News & Events
Nationwide News -- Driving while distracted
U.S. drivers say they are seeing first-hand the danger of driving while distracted (DWD). A new public opinion poll conducted in June by Harris Interactive for Nationwide Mutual Insurance Company shows nearly four out of 10 drivers say they have been hit or nearly hit by a driver who is distracted by their cell phone.
The survey of 1,004 adults confirms that Americans’ increasing use of smart phone applications is creating new distractions behind the wheel in addition to talking on the phone and texting while driving. In a previous DWD survey conducted for Nationwide by Harris Interactive in April, 2010, more than one in four admit to using those apps while driving.
“The number of Americans who multi-task by using a mobile application while driving becomes more troubling as the market for feature phones and applications steadily grows,” said Bill Windsor, Nationwide’s associate vice president for Consumer Safety. “This summer alone, a multitude of new generation cell phones – including the new iPhone – will hit the market offering more features to multi-task on the go.”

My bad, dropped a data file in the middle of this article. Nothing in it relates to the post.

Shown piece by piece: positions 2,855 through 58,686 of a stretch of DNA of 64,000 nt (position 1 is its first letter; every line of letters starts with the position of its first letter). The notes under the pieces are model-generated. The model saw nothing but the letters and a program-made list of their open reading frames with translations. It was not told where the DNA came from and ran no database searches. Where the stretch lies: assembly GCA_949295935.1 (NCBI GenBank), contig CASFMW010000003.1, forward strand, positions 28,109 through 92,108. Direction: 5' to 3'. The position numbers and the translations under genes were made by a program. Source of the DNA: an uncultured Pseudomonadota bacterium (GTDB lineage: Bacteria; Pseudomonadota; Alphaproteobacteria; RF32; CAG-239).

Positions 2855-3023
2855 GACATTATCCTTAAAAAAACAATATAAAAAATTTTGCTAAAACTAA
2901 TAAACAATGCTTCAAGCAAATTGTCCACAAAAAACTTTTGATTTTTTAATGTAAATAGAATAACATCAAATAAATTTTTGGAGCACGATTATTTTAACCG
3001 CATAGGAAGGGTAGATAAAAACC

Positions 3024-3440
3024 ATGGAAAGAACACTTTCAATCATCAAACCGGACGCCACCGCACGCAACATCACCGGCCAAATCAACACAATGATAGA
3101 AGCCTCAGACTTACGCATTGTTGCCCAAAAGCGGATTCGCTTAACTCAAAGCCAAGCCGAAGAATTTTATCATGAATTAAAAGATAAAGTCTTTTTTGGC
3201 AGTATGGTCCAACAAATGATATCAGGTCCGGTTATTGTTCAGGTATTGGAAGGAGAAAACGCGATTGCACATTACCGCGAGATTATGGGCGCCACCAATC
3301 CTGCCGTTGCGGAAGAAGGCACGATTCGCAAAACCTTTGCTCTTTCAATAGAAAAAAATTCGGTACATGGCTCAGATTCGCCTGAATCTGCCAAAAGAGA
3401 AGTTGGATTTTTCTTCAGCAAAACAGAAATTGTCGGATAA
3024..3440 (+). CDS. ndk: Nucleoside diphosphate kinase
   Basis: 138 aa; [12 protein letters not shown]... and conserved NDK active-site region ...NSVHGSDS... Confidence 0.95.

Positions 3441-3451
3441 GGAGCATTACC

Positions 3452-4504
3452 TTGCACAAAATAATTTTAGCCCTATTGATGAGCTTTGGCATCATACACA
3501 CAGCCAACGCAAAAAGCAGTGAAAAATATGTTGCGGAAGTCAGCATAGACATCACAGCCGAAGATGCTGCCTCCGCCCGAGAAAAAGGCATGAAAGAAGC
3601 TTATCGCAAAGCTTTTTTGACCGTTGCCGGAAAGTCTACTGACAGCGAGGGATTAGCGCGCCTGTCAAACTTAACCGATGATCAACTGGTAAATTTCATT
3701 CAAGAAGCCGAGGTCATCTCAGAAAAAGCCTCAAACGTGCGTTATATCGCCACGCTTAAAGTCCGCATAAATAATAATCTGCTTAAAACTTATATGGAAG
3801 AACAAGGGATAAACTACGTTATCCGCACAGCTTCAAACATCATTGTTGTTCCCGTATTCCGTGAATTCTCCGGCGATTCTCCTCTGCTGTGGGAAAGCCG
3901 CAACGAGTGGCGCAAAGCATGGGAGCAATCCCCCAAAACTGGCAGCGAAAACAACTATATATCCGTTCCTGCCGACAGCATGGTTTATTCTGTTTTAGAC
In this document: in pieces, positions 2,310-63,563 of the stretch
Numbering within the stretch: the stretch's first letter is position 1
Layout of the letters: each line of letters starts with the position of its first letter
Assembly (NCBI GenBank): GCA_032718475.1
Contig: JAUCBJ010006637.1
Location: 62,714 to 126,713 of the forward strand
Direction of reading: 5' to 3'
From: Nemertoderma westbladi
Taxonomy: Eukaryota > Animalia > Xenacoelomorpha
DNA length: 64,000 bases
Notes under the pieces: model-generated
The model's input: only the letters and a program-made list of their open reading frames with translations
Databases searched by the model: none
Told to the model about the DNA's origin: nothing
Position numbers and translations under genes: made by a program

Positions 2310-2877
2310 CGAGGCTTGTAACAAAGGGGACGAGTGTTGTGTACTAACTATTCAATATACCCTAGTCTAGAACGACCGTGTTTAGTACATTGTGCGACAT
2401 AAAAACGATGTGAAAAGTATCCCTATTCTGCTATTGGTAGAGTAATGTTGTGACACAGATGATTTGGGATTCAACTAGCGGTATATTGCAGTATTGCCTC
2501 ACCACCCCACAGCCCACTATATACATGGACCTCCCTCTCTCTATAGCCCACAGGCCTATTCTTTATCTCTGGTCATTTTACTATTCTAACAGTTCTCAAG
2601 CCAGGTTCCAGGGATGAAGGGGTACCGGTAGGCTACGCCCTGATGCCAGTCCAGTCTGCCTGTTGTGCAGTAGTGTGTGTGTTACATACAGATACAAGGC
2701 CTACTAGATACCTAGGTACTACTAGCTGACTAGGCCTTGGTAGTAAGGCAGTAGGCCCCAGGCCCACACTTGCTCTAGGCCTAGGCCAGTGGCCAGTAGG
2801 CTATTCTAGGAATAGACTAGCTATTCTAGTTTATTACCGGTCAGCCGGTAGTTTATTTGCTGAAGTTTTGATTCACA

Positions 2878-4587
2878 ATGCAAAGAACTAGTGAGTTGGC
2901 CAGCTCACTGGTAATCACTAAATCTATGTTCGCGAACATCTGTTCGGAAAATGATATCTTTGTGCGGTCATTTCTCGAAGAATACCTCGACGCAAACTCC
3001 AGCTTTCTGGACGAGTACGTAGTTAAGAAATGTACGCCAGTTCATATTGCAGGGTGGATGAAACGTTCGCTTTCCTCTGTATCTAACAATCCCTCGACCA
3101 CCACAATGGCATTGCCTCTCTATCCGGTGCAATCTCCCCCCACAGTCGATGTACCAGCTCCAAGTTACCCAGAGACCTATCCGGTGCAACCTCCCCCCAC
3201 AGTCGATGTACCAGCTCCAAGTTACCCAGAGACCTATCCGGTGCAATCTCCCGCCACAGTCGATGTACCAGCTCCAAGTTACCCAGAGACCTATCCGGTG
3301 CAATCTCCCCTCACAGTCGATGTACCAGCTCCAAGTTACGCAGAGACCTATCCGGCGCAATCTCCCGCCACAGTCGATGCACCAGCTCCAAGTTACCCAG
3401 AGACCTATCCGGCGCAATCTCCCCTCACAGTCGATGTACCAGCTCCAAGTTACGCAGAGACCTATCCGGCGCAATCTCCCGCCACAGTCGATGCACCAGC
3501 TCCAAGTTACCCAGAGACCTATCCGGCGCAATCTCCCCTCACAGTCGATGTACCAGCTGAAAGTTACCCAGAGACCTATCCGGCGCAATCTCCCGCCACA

“Many of the 500 million Facebook users have an app on their phone so they can read and post messages when they’re away from their computer,” Windsor added. “Social networking has become an obsession for many people, but it’s critical that people not try to do it while driving. No post or tweet is so important it’s worth losing your life over.”
Technological distractions while driving are not just cell phone related. More vehicles have built-in technology – including DVD player or video monitor, music search, capability to make phone calls, GPS and Internet access.
Of those who have these devices in their car, 82 percent use the music search feature, 85 percent use the DVD/video monitor, 91 percent use GPS and 68 percent use the phone capability.
“As car makers continue to provide in-car technologies – including video, TV and Internet – a good percentage of Americans are going to misuse these devices,” Windsor said. “Americans can’t seem to resist the temptation of using new technology while they’re driving. Whether it is the latest smart phone or new in-car technology, many drivers seem more concerned about these toys than focusing on the road.”
Most frequent distractions while driving
- Internet search
- Social networking
- DVD/video monitor
- Music search
- Phone calls